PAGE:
Neves, of the opposition Brazilian Social Democracy Party (PSDB), currently has a two-percentage-point lead over Rousseff, from the ruling Workers’ Party (PT), but that falls within most polls’ margin of error, effectively putting the candidates neck-and-neck. Recent surveys however show that support may have peaked for Neves, the markets’ favourite, and his disapproval numbers are rising amid a barrage of attacks from the Rousseff campaign.

The number of Brazilians who say they would never vote for Neves rose four percentage points this week to 38 percent, according to a survey by the Datafolha polling firm, while Rousseff’s rejection rate came down one point to 42 percent, suggesting the incumbent is gaining momentum ahead of election day. But with most voters having already made up their mind, the two are now focusing their fight on the support of two key demographics — the millions of Brazilian who were lifted from poverty during 12 years of PT rule and undecided female voters.

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Conservatives Gaining Force in Brazil Congress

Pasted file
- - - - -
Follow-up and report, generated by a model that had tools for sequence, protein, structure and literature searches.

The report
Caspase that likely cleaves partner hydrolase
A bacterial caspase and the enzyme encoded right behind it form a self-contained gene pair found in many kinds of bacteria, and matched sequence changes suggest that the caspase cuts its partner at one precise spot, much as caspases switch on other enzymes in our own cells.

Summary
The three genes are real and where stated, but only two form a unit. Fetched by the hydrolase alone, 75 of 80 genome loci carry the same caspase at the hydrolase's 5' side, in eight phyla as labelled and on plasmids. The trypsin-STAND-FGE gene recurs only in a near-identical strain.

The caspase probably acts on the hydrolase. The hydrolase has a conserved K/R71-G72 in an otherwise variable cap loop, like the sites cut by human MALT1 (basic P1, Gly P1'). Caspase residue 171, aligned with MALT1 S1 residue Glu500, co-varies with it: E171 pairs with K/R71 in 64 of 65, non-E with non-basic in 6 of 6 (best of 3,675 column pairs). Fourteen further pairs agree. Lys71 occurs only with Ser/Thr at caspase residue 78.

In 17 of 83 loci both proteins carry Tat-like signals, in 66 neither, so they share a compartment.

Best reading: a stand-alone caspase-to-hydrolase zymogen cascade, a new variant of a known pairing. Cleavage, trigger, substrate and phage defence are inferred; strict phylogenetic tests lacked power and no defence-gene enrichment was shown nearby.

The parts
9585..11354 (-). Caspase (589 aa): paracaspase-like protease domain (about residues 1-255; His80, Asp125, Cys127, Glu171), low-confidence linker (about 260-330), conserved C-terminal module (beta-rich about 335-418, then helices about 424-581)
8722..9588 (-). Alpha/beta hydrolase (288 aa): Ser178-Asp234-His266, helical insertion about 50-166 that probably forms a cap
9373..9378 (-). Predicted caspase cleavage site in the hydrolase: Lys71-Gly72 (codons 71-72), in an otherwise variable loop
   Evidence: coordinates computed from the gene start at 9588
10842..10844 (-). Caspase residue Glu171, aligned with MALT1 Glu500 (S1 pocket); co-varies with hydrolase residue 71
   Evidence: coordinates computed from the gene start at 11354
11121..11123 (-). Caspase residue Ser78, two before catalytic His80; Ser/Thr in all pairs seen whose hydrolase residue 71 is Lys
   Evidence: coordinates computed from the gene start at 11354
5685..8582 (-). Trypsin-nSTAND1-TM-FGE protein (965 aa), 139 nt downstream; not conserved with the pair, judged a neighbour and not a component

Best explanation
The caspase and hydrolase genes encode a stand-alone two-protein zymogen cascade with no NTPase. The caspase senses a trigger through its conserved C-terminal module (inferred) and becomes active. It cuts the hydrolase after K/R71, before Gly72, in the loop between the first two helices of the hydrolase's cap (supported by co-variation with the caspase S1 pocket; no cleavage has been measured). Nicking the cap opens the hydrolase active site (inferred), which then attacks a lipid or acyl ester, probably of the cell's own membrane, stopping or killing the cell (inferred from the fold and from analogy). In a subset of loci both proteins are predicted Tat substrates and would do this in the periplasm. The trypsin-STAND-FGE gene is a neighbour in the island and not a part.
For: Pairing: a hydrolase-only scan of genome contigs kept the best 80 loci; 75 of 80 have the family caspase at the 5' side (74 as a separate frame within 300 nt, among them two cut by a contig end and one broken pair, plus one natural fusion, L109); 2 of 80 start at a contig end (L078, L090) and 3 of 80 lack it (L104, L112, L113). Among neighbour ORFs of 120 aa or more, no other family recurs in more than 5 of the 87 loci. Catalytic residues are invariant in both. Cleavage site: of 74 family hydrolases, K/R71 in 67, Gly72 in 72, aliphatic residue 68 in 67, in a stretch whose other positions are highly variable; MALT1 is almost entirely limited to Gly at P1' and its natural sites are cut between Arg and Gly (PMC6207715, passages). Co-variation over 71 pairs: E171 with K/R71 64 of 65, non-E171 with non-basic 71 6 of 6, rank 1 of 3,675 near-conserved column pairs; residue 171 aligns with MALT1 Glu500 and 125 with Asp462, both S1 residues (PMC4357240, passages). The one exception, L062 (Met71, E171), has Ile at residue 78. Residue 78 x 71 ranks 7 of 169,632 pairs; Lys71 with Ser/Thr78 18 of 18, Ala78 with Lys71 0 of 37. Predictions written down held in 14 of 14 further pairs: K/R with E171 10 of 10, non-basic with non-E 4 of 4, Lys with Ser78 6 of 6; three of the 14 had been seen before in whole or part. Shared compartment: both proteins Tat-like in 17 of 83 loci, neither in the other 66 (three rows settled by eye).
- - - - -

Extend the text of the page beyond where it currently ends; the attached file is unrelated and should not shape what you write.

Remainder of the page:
October 20, 2014

AP – ABC News, 10/18/2014

With its Carnival reputation and skin-baring beach life, Brazil may look like a liberal bastion. But unease over a worsening economy and deteriorating public safety, plus a backlash against recent gay-rights gains, are propelling a conservative rise that will shape the next administration, regardless of who wins the presidency.

The general election held earlier this month saw a greater share of Brazil’s National Congress seats go to various conservative caucuses, which now control nearly 60 percent of the 513 seats in the lower house. They include evangelical lawmakers who oppose gay marriage or access to abortion; the “ruralistas” whose pro-agriculture positions counter environmentalists and indigenous groups; and a law-and-order faction that demands a crackdown on crime.

Ahead of the presidential runoff Oct. 26, there’s no doubt such conservatives are giving greater support to center-right challenger Aecio Neves over left-leaning President Dilma Rousseff. But it’s also clear that neither presidential candidate is as socially conservative as the increasingly powerful elements of Congress.

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Brazil’s Rousseff Admits There Was Wrongdoing at Petrobras

October 20, 2014

Paulo Trevisani – The Wall Street Journal, 10/19/2014

Brazil’s President Dilma Rousseff said Saturday that there was embezzlement at government-controlled oil producer Petróleo Brasileiro SA .

The company, known as Petrobras, has been at the center of a corruption scandal allegedly involving people connected to Mr. Rousseff’s Workers Party, or PT.

“I will do all I can to reimburse the country,” Ms. Rousseff said during a news conference at the presidential residence late in the afternoon. “There was” deviation of public money, she said according to a transcript of the interview published on her official campaign website.